The Supreme Court of Minnesota, in the case of Stuhl v. Great Northern Ry. Co., 136 Minn. 158, 161 N.W. 501, L.R.A. 1917D, 317, in passing upon a case involving the provision of the Constitution of the state of Minnesota (article 1, § 13, as amended in 1896), providing that private property shall not be "taken, destroyed or damaged" without just compensation to the owner, held that this provision gave a right of recovery for acts which, under general rules of law, do not constitute actionable wrong; that a recovery of damages for the wrong was not dependent upon physical injury to the corpus of the property affected, but to entitle one to recovery there must be shown a physical disturbance of a valuable right in the property.
The Supreme Court of Utah, in the case of Twenty-second Corporation of the Church of Jesus Christ of Latter-Day Saints v. Oregon Short Line R. Co., 36 Utah, 238-247, 103 P. 243, 23 L.R.A.(N.S.) 860, 140 Am.St.Rep. 819, in discussing the effect of the provision of the Utah Constitution that private property shall not be "taken nor damaged" without just compensation being made therefor, construed this provision to mean that some physical injury or damage to the property itself shall be committed, and does not include something which merely affects the senses of the persons who use the property; that, in order to bring the case within the protection of the Constitution, there must be some physical interference with the property itself, or with some easement which constitutes an appurtenant thereto.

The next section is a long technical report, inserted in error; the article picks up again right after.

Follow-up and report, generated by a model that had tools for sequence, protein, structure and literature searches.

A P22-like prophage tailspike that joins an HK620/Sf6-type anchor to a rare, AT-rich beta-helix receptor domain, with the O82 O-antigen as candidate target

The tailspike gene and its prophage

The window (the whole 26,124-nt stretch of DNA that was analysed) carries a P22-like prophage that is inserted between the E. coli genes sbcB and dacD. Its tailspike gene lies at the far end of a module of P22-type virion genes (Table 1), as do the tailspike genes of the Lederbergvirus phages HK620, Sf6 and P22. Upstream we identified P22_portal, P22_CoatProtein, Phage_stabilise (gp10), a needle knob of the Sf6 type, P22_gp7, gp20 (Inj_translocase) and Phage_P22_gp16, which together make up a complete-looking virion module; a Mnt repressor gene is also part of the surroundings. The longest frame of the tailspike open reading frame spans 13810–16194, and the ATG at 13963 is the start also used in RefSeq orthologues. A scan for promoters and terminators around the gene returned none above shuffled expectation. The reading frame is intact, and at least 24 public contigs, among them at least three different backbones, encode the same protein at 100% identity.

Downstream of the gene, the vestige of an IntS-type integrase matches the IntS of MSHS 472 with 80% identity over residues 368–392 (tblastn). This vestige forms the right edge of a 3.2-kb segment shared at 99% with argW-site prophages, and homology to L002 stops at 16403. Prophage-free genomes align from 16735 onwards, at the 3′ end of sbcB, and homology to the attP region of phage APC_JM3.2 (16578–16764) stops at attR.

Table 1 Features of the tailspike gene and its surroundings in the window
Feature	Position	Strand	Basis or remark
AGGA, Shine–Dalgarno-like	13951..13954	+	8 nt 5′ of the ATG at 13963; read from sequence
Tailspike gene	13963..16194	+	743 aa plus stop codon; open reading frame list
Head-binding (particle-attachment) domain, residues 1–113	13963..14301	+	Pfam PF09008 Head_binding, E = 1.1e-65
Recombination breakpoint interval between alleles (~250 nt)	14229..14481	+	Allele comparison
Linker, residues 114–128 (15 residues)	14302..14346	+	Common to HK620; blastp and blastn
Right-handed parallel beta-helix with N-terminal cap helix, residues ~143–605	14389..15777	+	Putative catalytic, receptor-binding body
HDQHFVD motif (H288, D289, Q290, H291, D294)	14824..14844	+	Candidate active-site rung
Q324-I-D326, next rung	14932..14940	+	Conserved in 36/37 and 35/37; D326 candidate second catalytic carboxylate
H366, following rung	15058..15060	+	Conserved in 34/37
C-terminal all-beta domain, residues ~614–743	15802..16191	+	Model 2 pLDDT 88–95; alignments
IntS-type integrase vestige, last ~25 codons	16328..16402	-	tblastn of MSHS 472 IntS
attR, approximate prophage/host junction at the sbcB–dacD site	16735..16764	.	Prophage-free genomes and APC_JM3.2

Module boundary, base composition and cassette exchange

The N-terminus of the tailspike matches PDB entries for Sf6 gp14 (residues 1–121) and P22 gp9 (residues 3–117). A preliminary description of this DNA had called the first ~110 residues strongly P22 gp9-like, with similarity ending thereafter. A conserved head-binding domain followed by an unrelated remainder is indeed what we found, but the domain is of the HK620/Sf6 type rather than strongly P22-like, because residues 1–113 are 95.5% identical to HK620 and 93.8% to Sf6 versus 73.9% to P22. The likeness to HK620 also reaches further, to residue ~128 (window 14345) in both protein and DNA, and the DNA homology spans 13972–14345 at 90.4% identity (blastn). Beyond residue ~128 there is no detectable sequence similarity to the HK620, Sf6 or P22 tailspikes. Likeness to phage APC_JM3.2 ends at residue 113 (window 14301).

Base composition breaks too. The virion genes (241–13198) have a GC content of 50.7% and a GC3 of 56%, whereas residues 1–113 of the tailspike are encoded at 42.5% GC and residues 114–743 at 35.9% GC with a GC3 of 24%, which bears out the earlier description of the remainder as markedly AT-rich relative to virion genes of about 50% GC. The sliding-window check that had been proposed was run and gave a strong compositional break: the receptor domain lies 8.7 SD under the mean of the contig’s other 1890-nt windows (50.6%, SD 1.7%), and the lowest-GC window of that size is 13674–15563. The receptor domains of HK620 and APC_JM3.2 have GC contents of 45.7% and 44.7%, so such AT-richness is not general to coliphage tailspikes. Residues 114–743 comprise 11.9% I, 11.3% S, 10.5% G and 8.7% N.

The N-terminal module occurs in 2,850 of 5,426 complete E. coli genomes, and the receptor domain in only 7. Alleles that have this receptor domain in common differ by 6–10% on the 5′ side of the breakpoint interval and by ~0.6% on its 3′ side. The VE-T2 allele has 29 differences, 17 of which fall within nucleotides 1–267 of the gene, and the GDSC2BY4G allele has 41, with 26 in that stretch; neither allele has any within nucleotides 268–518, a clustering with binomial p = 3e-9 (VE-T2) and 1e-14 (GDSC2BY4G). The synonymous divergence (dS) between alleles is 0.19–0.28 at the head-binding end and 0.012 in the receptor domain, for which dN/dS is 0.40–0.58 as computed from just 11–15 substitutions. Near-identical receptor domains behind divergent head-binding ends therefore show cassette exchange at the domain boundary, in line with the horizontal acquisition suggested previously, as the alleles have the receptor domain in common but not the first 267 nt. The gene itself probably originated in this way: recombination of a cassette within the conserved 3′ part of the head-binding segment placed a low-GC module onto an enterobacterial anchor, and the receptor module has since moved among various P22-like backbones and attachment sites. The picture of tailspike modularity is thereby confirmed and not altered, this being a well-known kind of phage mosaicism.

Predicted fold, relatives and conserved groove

The Supreme Court of Mississippi, in construing the constitutional provision forbidding the taking or damaging of private property for public use, except on due compensation being first made to the owner, held that public authority may confer the right to operate a public work, and thus make it lawful, but cannot confer a right to take or damage private property without compensating the owner for its value as taken or damaged, that is, diminished in its market value as property, by some physical invasion of it or disturbance of some right of the owner in relation thereto, whereby its market value is diminished. King v. Vicksburg R., etc., Co., 88 Miss. 456, at page 485, 42 So. 204, 6 L.R.A.(N.S.) 1036, 117 Am.St.Rep. 749.
The Supreme Court of Virginia, in the case of Swift Co. v. Newport News, 105 Va. 108, 52 S.E. 821, 825, 3 L.R.A.(N.S.) 404, cited approvingly the case of Chicago v. Taylor, 125 U.S. 161, 166, 8 S.Ct. 820, 31 L.Ed. 638, in which the rule was there applied that, to present a case of liability, it must appear that "there has been some physical disturbance of a right, either public or private, which the plaintiff enjoys in connection with his property, and which gives to it additional value, and that by reason of such disturbance he has sustained a special damage with respect to his property, in excess of that sustained by the public generally." The Virginia Constitution forbids the taking or damaging of private property for public use, without just compensation.